U.S. Senate holds first hearing on immigration reform

By WEEK Producer

February 13, 2013 Updated Feb 14, 2013 at 11:02 AM CDT

WASHINGTON, D.C. -- At the Senate's first hearing in the latest push for immigration reform Wednesday, Pulitzer Prize winning journalist Jose Antonio Vargas told the story of his life.

Raised in this country as an undocumented immigrant, this is the country he calls home.

"What do you want to do with me? For all the undocumented immigrants who are actually sitting here at this hearing, for the people watching online and for the 11 million of us what do you want to do with us?" he asked.

Also testifying was Chris Crane, an Immigration and Customs Enforcement agent protesting the Obama Administration's policy to focus only on deporting the most dangerous illegal immigrants.

"Only if an alien's first arrested by local police on criminal charges can ICE agents and officers consider making an immigration arrest," he explained.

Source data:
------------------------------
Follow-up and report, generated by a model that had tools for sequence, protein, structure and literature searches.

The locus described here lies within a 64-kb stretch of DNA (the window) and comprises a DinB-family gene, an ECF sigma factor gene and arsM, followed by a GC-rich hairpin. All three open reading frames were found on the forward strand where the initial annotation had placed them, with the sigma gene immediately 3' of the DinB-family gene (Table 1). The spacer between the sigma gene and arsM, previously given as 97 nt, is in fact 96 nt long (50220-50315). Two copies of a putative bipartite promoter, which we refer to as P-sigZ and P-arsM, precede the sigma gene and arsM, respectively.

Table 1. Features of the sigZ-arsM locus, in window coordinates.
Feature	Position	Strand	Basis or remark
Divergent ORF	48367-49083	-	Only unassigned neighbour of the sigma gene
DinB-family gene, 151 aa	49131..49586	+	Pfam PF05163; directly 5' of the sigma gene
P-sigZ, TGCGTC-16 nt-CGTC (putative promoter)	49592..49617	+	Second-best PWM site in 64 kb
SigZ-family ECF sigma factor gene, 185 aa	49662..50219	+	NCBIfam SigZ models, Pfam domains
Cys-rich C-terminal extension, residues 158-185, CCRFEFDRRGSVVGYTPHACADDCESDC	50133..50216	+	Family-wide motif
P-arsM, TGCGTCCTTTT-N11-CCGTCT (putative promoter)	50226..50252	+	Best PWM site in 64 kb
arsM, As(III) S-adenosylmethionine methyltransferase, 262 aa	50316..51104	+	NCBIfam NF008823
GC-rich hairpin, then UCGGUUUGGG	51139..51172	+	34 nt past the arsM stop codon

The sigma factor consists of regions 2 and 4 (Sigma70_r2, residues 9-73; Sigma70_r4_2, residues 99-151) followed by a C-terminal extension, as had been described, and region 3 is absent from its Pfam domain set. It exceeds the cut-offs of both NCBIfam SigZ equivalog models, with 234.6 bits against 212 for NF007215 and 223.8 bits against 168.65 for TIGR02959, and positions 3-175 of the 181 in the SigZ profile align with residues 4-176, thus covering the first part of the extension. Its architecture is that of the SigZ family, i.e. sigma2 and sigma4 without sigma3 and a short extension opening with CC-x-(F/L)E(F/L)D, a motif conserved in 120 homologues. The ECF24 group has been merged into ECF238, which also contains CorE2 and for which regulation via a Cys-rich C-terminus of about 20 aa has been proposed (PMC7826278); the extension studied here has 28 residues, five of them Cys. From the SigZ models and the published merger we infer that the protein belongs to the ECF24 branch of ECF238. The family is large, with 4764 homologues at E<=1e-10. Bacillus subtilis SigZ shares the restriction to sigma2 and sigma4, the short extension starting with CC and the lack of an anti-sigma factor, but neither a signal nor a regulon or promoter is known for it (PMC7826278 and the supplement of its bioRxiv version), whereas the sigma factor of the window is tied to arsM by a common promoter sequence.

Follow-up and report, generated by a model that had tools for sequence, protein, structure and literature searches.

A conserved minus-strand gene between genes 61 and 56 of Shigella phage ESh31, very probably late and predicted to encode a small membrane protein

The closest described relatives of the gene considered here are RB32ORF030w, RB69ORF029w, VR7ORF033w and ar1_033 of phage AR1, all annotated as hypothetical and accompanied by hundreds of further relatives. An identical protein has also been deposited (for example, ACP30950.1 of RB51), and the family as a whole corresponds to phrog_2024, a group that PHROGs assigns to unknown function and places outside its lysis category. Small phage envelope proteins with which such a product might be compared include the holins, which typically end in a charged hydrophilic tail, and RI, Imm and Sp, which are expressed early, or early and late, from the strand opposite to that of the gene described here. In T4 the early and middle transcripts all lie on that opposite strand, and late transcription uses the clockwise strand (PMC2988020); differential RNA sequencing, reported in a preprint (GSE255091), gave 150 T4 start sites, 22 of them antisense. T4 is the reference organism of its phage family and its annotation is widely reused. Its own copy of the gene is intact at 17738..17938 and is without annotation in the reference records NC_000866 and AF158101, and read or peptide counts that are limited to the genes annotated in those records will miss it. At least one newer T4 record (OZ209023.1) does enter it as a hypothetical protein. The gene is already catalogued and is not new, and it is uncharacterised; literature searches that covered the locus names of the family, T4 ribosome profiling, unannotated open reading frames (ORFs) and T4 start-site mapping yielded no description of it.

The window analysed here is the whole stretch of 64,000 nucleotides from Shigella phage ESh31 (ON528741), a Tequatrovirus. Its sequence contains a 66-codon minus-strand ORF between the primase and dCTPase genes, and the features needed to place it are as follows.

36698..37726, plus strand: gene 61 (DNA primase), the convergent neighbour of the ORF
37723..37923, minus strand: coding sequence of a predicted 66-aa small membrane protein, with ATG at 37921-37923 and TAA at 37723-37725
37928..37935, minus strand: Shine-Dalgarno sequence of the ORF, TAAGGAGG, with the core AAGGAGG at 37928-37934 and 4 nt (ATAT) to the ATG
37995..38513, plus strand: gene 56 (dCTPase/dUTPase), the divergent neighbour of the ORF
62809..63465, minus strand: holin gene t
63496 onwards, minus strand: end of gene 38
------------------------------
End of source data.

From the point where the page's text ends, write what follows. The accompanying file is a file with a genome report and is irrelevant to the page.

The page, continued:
While comprehensive immigration reform has eluded Congress for decades, eight lawmakers from both parties are working together on a plan.

Senator John McCain tells Telemundo's Jose Diaz Balart that this time is different.

"I think this year it's very likely we can get passage," McCain says.

Skeptics demand assurances that any reform discourages illegal immigration in the future and a policy expert testified that past reform efforts have fallen flat unless they are small and targeted.

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